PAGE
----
The cast of The Ethel Merman Disco Christmas Spectacular (Photos by Tyler Ogburn Photography)

Out Front Theatre Company is presenting the world premiere of “The Ethel Merman Disco Christmas Spectacular!” It runs at Atlanta’s only LGBTQIA+ theatre through Dec. 22, directed by Paul Conroy.

You may not know who Ethel Merman is. Allow me to explain: In 1930 a young woman stood in front of the footlights of Broadway’s Alvin Theatre and belted out Gershwin’s “I Got Rhythm” in a voice like a fire engine and blew the audience right out of their seats. The show was “Girl Crazy.” From that moment on, she was the undisputed “biggest voice on Broadway” for the next several decades.

Such hits as “Annie Get Your Gun,” “Call Me Madam,” and Jule Styne and Stephen Sondheim’s “Gypsy” established Ethel Merman as a true Broadway legend. It is said that there was no substitute for hearing Merman live; she electrified a theatre. By the way, if you’d like to get close to what made her so exciting, listen to  “Ethel Merman—Everything’s Coming Up Roses” on YouTube.

In 1979 Merman made a disco album. It was the height of that era, and “The Merm,” late in her career and life, decided she wanted to be a part of the disco phenomenon. Out Front’s Artistic Director Conroy has re-imagined this recording as as a disco Christmas album; he has written the book of a show in which the indomitable Ethel decides she will do a live televised show from—where else—Studio 54.

Most of us old enough to have actually visited this legendary palace of glitter and decadence (that would include yours truly) would find the idea of staging a televised show there quite preposterous. Much of the appeal of Studio 54 was its exclusivity: People lined up at the famous velvet ropes ready to sell their grandmothers to get in. Of course, the current show is a parody.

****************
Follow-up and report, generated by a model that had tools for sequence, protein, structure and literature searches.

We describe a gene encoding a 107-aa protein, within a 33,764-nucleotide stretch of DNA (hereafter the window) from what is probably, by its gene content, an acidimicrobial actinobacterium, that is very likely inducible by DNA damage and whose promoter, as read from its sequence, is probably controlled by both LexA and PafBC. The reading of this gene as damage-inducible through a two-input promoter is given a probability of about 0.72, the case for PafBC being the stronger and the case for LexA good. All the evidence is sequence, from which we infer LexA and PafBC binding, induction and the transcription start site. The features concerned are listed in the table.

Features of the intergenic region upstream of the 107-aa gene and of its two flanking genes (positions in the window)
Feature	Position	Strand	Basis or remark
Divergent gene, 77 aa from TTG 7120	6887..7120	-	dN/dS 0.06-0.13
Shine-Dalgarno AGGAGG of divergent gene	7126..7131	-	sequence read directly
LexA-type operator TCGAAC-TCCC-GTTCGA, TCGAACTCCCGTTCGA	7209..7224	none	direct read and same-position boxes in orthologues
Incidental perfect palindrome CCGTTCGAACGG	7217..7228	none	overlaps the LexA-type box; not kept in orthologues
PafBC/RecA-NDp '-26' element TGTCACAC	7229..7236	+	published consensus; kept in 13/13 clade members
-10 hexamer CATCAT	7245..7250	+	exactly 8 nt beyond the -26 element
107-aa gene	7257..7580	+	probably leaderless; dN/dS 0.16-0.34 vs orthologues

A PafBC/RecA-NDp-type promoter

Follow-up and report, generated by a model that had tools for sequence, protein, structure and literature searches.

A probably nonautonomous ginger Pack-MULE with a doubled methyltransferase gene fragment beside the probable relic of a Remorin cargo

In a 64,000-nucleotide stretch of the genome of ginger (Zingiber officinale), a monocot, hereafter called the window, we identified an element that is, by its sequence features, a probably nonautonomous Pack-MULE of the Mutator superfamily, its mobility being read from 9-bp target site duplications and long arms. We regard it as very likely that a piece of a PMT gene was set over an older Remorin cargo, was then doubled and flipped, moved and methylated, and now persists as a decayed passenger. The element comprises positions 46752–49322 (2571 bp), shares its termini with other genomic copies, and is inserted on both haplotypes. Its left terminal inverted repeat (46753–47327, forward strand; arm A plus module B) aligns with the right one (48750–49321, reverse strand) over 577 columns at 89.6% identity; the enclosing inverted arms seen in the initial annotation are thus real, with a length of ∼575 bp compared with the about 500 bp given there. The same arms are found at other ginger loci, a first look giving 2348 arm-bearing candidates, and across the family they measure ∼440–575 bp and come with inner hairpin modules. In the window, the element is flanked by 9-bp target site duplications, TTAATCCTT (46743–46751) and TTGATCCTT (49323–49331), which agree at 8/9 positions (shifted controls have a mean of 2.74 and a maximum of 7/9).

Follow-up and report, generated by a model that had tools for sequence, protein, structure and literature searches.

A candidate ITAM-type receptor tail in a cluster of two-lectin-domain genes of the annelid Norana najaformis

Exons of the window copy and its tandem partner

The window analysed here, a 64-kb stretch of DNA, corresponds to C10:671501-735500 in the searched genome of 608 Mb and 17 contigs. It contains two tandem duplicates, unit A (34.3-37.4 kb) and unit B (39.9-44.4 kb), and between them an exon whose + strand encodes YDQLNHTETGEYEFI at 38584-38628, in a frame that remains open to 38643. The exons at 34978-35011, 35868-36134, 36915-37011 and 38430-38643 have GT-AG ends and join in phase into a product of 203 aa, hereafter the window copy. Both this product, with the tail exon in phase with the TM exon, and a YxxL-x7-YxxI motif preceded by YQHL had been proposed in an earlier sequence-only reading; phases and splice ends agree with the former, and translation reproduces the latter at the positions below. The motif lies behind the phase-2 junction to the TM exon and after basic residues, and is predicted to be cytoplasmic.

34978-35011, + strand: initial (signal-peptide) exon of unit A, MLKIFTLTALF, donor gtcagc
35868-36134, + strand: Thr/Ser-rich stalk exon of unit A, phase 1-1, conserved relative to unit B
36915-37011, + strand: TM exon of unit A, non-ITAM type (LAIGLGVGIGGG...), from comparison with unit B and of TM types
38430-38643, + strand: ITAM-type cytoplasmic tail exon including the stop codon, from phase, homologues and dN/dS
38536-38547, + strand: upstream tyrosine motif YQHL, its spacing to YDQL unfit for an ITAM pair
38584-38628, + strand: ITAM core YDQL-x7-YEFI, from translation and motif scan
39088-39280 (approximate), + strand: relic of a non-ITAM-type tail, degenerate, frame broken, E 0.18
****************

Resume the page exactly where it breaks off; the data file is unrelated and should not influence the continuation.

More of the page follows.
But Mr. Conroy has decided to swing for the fences, and darned if the whole thing doesn’t work—in the main. And he goes a step further by having some of Studio’s (that’s what insiders called it) most famous habitués show up: Truman Capote (Brandon Deen), Michael Jackson (Patrick Coleman), Andy Warhol (hilarious portrayal by Davin Allen Grindstaff), and Donna Summer (Alaina Holeman). Mr. Coleman and Ms. Holeman, by the way, do some very nice performing as Michael and Donna.

Of course the only star of a Merman show is Merman (I think she actually said that once), and Lynn Grace does a lovely portrayal in showing us the diva’s human, compassionate side, while also revealing her famous brassiness. And she does the impossible quite well by using her big voice to give us a touch of Merman’s singing style in a couple of Christmas carols, disco version.

The villain of the piece, if you will, would be the TV producer Isaac Aherns (well-played by Rial Ellsworth). He is homophobic, obnoxious, and totally mean-spirited. He sneers at Jimmy (Russell Scott), the very kind, gay stage manager, who has a crush on Raymond (Michael Dotson), one of the three attractive male dancers (including Cansler McGhee and Max Mattox).

Aherns tries to bully Ethel herself, but as Joan Crawford might say, “This isn’t my first time at the rodeo, fellas.” Ethel takes Jimmy and his boyfriend under her wing and makes sure they have someplace nice to spend Christmas—her place.

Caty Bergmark, Zafyre Sexton, and Emily Whitley play lovely dancers. The music director/arranger is Nick Silvestri; choreography is by Jordan Kenyon Smith. Austin Kunis’ set offers only the faintest hint of Studio 54’s ambience. All he needed was, say, a million dollars.

What we have here is a fun little holiday frolic—and an affectionate paean to Ethel Merman.

For tickets and information, visit